Treating glaucomausually includes using a series of eye drops over time to keep the disease under control. In many cases of glaucoma, fluid in the eye fails to drain properly, causing pressure to build up. Laser surgery for this form of the disease, called chronic open-angle glaucoma, has been available since 1979, but ophthalmologists generally use it as an alternative or addition to drug therapy, not as the first line of treatment.

There is no single, surefire remedy for glaucoma. Much remains to be learned about this disease. Glaucoma therapies evolve and change continuously. One long-term study, however, indicates that treating people with laser surgery first works just as well, if not better, to keep glaucoma in check. But medication in the form of eye drops is still the primary and most common treatment of COAG.

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Because the disease can strike people at any age and there is no cure, treatment for glaucoma may need to continue for several decades. Although some researchers express concern that the laser's effects may last only three to five years before the eyes need to be treated again, drugs may become less effective over time as well.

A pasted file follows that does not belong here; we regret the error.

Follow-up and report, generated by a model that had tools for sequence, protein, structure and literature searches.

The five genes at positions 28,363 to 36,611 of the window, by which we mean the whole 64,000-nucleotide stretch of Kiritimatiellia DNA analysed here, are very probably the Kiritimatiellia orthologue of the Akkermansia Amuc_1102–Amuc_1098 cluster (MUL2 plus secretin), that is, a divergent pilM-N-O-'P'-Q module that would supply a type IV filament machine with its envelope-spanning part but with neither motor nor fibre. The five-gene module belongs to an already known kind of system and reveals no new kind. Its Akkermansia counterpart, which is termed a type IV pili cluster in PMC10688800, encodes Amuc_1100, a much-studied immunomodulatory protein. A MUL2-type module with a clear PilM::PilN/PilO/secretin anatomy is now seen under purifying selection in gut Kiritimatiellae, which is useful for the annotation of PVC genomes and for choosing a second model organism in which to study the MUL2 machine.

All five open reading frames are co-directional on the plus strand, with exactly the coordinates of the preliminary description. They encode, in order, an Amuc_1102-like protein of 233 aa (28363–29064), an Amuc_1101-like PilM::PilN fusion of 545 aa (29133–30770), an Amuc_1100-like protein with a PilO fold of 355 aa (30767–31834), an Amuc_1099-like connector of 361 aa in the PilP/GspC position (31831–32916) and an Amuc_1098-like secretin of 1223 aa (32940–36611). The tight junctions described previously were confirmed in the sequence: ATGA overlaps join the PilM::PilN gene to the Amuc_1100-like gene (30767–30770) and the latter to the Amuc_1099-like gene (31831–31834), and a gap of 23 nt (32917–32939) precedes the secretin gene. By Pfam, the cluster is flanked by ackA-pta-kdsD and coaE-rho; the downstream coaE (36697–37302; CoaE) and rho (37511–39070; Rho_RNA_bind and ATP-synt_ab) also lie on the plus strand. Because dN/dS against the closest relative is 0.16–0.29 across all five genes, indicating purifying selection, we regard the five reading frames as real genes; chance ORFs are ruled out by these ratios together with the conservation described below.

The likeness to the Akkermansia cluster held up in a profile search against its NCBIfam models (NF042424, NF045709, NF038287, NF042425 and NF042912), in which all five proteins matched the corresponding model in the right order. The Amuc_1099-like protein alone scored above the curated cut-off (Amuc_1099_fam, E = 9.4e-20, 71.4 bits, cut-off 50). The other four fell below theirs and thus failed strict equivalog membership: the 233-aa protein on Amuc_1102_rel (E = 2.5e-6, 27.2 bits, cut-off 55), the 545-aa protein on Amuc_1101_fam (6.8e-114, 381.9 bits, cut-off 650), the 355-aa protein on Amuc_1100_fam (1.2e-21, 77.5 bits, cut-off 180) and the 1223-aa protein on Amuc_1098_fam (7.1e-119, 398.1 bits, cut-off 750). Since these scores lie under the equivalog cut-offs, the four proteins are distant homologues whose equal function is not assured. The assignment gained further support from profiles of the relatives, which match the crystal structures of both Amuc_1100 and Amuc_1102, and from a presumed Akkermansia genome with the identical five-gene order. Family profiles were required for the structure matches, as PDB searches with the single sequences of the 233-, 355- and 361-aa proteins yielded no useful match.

While people just diagnosed with glaucoma may be reluctant to try surgery first, there are good reasons to consider it. Some patients with heart problems or asthma may not be able to take topical beta-blockers, a commonly used glaucoma drugs, and drug treatment can be expensive for some medications, so surgery may be cheaper in the long run.

 

 

 

 

WebMD Medical Reference Reviewed by Alan Kozarsky, MD on March 26, 2017

Sources

SOURCES: 

Bradford, C. (Editor) Basic Ophthalmology, American Academy of Ophthalmology, 2004. 

The Mayo Clinic: "Eye Care."

Macular Degeneration Partnership.

National Institutes of Health web site: "NIH study provides clarity on supplements for protection against blinding eye disease."